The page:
Consumer Spending Index Rises in July

By | August 12, 2011

NEW YORK, Aug. 12, 2011 /PRNewswire/ — Bolstered by a rise in home prices and a slight improvement in real wages, the Deloitte Consumer Spending Index rose in July for the first time since January. The Index tracks consumer cash flow as an indicator of future consumer spending.

“The housing market is showing multiple signs of stabilizing and that is helping to ease a significant drag on consumer spending,” explains Carl Steidtmann, Deloitte’s chief economist and author of the monthly Index.  “A decline in energy prices drove an increase in real wages, perhaps giving consumers more money to spend and restoring confidence despite a weak labor market and the recent debt ceiling debate.”

The Index, which comprises four components — tax burden, initial unemployment claims, real wages, and real home prices — rose to 2.53 from a reading of 2.49 in June.

“A dip in energy prices and warmer temperatures across most of the country is offering consumers reason to take advantage of back-to-school shopping promotions,” said Alison Paul, vice chairman and U.S. retail & distribution sector leader, Deloitte LLP.  “Deloitte’s back-to-school survey indicates most consumers plan to spend more or the same on back-to-school shopping; more than 60 percent say the most important factor driving buying will be price.   Many consumers are using their smart phones to research prices, and store and discount locations — the implication being that retailers will need to be sharp on prices, promotions and assortment this year.”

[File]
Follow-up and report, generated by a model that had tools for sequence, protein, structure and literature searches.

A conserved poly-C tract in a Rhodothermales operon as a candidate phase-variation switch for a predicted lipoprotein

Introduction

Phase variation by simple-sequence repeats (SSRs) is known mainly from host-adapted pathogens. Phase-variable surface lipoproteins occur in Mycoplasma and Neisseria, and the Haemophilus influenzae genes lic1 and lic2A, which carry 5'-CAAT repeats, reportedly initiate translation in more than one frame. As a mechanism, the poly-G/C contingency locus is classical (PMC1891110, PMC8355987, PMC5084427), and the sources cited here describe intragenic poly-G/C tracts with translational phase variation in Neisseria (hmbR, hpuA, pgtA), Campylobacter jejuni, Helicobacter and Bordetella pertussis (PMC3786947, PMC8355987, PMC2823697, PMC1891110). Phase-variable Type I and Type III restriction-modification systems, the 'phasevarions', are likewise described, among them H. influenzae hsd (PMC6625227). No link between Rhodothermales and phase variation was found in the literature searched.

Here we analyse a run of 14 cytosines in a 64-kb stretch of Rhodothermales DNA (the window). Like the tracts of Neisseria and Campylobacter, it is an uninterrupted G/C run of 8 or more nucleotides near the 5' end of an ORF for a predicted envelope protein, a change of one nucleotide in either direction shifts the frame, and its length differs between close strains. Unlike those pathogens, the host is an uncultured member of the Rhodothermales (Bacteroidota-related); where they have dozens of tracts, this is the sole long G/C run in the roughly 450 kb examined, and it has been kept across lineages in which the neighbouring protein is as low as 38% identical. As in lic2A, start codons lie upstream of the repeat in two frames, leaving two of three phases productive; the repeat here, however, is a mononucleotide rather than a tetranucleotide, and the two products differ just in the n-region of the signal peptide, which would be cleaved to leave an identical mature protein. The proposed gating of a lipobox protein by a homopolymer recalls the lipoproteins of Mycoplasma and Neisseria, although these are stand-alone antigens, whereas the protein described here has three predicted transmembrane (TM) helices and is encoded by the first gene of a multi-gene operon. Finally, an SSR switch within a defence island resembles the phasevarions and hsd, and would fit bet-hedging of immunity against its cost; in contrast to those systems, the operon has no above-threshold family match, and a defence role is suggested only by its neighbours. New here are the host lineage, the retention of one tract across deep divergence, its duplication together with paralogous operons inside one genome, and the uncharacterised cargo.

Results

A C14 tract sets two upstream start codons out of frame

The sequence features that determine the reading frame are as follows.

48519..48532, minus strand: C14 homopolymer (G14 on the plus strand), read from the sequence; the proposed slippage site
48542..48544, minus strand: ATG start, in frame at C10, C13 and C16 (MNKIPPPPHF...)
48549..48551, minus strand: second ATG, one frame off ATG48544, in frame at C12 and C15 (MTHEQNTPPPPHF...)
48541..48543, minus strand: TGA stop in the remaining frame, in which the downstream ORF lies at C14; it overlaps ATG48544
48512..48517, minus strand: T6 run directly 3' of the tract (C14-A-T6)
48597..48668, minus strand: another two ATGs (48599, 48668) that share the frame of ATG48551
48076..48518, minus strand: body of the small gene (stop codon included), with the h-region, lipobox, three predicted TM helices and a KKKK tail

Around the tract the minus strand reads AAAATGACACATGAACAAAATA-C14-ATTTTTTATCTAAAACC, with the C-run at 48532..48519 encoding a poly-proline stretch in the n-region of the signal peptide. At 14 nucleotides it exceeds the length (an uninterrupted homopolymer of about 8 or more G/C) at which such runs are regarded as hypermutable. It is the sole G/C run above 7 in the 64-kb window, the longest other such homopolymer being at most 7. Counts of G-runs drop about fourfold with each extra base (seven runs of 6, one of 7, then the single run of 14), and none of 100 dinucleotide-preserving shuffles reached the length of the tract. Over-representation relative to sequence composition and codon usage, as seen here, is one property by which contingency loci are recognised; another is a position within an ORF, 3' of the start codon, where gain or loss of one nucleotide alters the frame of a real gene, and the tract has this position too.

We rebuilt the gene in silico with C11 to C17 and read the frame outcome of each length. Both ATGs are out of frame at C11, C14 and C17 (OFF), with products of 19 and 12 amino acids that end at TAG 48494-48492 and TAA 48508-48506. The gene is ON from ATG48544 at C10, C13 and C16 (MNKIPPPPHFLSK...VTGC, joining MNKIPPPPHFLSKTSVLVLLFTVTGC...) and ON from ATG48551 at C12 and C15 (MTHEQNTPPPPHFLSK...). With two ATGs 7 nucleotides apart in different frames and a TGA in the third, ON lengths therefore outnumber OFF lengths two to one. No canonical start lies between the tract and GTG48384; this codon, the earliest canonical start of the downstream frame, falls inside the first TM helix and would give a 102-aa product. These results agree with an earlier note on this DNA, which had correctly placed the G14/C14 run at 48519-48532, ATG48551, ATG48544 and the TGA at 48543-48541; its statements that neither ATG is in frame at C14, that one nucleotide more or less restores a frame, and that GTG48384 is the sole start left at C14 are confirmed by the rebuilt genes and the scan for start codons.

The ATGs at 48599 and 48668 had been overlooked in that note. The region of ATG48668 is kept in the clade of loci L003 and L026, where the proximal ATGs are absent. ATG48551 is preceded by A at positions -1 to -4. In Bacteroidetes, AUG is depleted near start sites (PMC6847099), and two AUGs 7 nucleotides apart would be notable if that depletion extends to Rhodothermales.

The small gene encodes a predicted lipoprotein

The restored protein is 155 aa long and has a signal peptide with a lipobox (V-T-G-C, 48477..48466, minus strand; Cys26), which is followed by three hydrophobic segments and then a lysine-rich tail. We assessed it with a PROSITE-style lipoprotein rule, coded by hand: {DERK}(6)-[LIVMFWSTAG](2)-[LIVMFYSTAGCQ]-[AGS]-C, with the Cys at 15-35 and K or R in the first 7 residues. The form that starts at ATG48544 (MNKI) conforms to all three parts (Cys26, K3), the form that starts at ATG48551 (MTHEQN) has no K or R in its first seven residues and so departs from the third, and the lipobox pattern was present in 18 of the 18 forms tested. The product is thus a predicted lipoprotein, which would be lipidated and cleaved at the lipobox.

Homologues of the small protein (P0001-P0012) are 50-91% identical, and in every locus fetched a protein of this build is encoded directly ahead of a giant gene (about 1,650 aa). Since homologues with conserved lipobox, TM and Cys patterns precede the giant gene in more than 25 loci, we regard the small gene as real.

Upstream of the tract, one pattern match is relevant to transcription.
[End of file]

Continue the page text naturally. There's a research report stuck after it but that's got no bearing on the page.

Highlights of the Index include:

Tax Burden: An increasing tax burden is often the sign of an improving economy and the tax burden is up to 10.7 percent of personal income from 9.6 percent a year ago. However, it is unchanged from the previous month.

Initial Unemployment Claims: After breaking down below the 400,000 barrier from October to March, claims have increased sharply and put the economic recovery at risk.  Claims are improving but remain above the 400,000 level on a monthly basis, escalating to 427,750 in July, up from a low of 389,250 in February.

Real Wages: Real wage growth rose slightly in July due to falling energy prices.  Wages are up 0.2 percent but are down 2 percent from a year ago.

Real Home Prices: Home prices are up nearly 7 percent in July, but just 3.6 percent from one year ago.  Prices have stabilized and are slowly moving back up in some locations.  The rebound in home prices pushes a previously significant growth barrier away from the consumer.

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